No boundary line: A Jazz Day mixtape

By Dennis Hartley

(Originally posted on Digby’s Hullabaloo on May 1, 2021)

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Officially, yesterday (April 30th) was International Jazz Day for 2021. But as far as I’m concerned, every day should be Jazz Day...and not just for the music. Here’s why:

International Jazz Day brings together communities, schools, artists, historians, academics, and jazz enthusiasts all over the world to celebrate and learn about jazz and its roots, future and impact; raise awareness of the need for intercultural dialogue and mutual understanding; and reinforce international cooperation and communication. Each year on April 30, this international art form is recognized for promoting peace, dialogue among cultures, diversity, and respect for human rights and human dignity; eradicating discrimination; promoting freedom of expression; fostering gender equality; and reinforcing the role of youth in enacting social change.

Sounds like a damn fine plan to me. In honor of Jazz Day, here are 10 of my favorite cuts:

Miles Davis – “Pharaoh’s Dance” – Miles Davis is considered a “jazz” artist, but first and foremost he was an artist; one who defied categorization throughout his career. The influence of his 1970 2-LP set Bitches Brew on what came to be called “fusion” cannot be overstated. But be warned: this is not an album you put on as background; it is challenging music that demands your full attention (depending on your mood that day, it will sound either bold and exhilarating, or discordant and unnerving). Miles always had heavyweight players on board, but the Bitches Brew roster is legend: including future members of Weather Report (Wayne Shorter, Joe Zawinul), Return to Forever (Chick Corea, Lenny White) and The Mahavishnu Orchestra (John McLaughlin, Billy Cobham) – who are all now acknowledged as key fusion pioneers.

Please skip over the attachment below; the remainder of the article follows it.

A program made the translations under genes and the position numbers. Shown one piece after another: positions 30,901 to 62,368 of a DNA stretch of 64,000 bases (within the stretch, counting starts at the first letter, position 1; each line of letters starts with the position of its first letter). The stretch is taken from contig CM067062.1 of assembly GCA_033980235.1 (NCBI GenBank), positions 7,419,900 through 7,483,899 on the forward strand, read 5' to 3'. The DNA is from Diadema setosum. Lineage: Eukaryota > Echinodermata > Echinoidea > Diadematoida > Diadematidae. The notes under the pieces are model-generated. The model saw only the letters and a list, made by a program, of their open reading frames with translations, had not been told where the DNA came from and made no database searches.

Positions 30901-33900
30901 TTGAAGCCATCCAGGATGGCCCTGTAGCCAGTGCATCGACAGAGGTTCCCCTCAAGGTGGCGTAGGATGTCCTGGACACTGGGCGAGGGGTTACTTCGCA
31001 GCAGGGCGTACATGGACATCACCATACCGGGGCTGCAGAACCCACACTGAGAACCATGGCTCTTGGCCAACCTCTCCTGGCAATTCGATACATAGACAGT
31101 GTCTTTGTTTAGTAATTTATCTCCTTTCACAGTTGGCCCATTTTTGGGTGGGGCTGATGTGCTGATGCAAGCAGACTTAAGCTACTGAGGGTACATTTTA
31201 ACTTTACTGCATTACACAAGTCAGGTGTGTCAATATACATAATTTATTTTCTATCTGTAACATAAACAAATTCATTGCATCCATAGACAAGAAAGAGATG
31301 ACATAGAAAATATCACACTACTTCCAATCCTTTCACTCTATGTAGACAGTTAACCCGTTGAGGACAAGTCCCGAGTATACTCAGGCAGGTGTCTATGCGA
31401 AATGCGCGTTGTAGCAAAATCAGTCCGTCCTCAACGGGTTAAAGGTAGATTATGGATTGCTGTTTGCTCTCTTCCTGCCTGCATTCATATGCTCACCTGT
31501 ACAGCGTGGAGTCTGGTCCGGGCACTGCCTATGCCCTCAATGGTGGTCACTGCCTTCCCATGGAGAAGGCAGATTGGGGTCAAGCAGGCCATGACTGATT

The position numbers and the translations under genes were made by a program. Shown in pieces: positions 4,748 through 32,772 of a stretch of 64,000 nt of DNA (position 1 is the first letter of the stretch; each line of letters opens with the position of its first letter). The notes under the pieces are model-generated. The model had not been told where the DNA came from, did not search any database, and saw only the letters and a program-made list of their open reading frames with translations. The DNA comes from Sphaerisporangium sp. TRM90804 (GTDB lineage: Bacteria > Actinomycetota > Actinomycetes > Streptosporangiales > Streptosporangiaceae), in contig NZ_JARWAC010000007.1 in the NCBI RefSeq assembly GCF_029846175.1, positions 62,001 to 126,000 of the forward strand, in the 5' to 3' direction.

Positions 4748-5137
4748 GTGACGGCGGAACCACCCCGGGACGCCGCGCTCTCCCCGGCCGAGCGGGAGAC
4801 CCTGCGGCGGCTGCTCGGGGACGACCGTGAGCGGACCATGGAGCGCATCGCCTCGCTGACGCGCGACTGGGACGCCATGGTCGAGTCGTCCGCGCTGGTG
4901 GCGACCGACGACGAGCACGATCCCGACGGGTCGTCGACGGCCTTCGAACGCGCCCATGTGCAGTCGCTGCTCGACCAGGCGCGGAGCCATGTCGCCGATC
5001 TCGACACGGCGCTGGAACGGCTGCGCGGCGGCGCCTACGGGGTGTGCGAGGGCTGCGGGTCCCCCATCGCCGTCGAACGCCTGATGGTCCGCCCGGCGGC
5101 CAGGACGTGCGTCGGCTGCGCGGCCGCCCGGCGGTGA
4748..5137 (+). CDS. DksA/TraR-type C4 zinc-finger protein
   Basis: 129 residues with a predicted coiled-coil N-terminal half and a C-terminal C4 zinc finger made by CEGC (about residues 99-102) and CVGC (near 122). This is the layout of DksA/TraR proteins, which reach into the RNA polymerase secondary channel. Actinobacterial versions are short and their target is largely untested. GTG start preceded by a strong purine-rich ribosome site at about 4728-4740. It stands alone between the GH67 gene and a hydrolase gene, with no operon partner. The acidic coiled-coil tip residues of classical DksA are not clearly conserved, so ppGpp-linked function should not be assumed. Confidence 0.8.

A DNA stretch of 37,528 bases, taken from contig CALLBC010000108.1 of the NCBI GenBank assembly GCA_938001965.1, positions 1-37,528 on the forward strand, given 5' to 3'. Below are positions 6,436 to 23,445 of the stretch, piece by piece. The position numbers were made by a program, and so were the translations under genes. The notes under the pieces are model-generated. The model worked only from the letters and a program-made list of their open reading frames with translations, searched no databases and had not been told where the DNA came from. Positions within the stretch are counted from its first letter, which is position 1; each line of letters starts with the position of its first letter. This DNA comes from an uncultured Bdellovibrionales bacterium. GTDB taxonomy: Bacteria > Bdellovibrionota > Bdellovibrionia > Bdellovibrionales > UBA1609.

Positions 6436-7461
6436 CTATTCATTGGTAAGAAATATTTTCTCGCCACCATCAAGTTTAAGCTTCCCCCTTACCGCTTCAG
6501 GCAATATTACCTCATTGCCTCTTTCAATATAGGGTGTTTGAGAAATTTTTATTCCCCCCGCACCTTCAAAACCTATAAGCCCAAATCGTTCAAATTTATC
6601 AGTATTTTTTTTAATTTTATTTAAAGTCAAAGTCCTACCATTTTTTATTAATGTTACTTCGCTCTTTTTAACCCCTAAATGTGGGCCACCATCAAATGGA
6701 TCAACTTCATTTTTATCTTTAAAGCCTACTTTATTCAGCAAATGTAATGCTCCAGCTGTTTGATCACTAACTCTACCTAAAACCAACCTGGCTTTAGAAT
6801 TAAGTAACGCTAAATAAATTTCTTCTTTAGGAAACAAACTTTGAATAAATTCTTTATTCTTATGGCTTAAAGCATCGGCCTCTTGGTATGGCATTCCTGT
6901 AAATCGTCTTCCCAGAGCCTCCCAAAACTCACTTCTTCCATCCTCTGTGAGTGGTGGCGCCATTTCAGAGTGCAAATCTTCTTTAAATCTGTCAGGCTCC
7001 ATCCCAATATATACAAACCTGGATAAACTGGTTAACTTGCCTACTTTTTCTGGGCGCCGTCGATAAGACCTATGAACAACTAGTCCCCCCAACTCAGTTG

Pat Metheny & Anna Maria Jopek- “So It May Secretly Begin” – This has always been my favorite Metheny instrumental; but it got even better when I recently stumbled onto this breathtaking live version with added vocals, courtesy of the angel-voiced Jopek.

Gil Scott-Heron- “Pieces of a Man” – Gil’s heartbreaking vocal, Brian Jackson’s transcendent piano, the great Ron Carter’s sublime stand-up bass work, and the pure poetry of the lyrics…it’s all so “right”.

Digable Planets- “Rebirth of Slick (Cool Like Dat)”– I caught these guys at a Seattle club in 1993 and became a fan; a unique mashup of hip-hop with traditional jazz instrumentation.

The Style Council- “The Whole Point of No Return” – Spare, beautiful, jazzy, and topped off with his most trenchant lyrics, I think this is Paul Weller’s greatest song.

Barry Miles- “Hijack” – Memorable track from the keyboardist’s self-titled 1970 LP.

Milton Nascimento- “Nothing Will Be As It Was”– Hailing from Brazil, eclectic signer-songwriter Milton Nascimento is a world beat superstar who seamlessly blends jazz, samba, pop and rock into his own distinctive sound. This cut is taken from his 1976 album Milton, which features Wayne Shorter and Herbie Hancock sitting in.

Brian Auger & the Oblivion Express“Whenever You’re Ready” – It’s hard to believe that the ace keyboardist and “godfather of acid jazz” is still gigging after 50+ years. In 1991, I had the honor of opening for Auger and Eric Burdon at a concert in Fairbanks, Alaska (I was doing stand-up). This cut is taken from the excellent 1973 Oblivion Express album Closer To It.

The Mahavishnu Orchestra- “Open Country Joy”— What I like the most about jazz is that it’s the most amenable of musical genres. Put it next to anything else: rock, soul, hip-hop, whatever…and then just watch how quickly it absorbs, adopts, and then shapeshifts it into something else altogether. John McLaughlin, Billy Cobham, Jan Hammer, Rick Laird and Jerry Goodman understood this. Here’s a perfect example. As the title implies, it begins as a nice country stroll, then…it blows your fucking mind. From the whisper to the thunder.

George Duke & Feel – “Love”— The late keyboardist extraordinaire George Duke was a versatile player; in addition to the 40+ albums in his catalog, he was equally at home doing sessions with the likes of Miles Davis, Michael Jackson, Third World, and (most famously) he played with Frank Zappa for many years. This cut is from Duke’s 1974 album, Feel. Zappa (credited under the pseudonym “Obdwel’l X”) contributes the lead guitar.

Bonus track!

Ryuichi Sakamoto & Kaori Muraji – “Merry Christmas, Mr. Lawrence” – While electronica/experimental musician Ryuichi Sakamoto is not considered a jazz artist per se, I hear jazz leanings in some of his compositions. This instrumental, which he composed as the main theme for Nagisa Oshima’s eponymous 1983 WW2 drama, is one example. It’s an achingly beautiful song to begin with, but this live rendition with Sakamoto accompanying Kaori Muraji on guitar is sublime.

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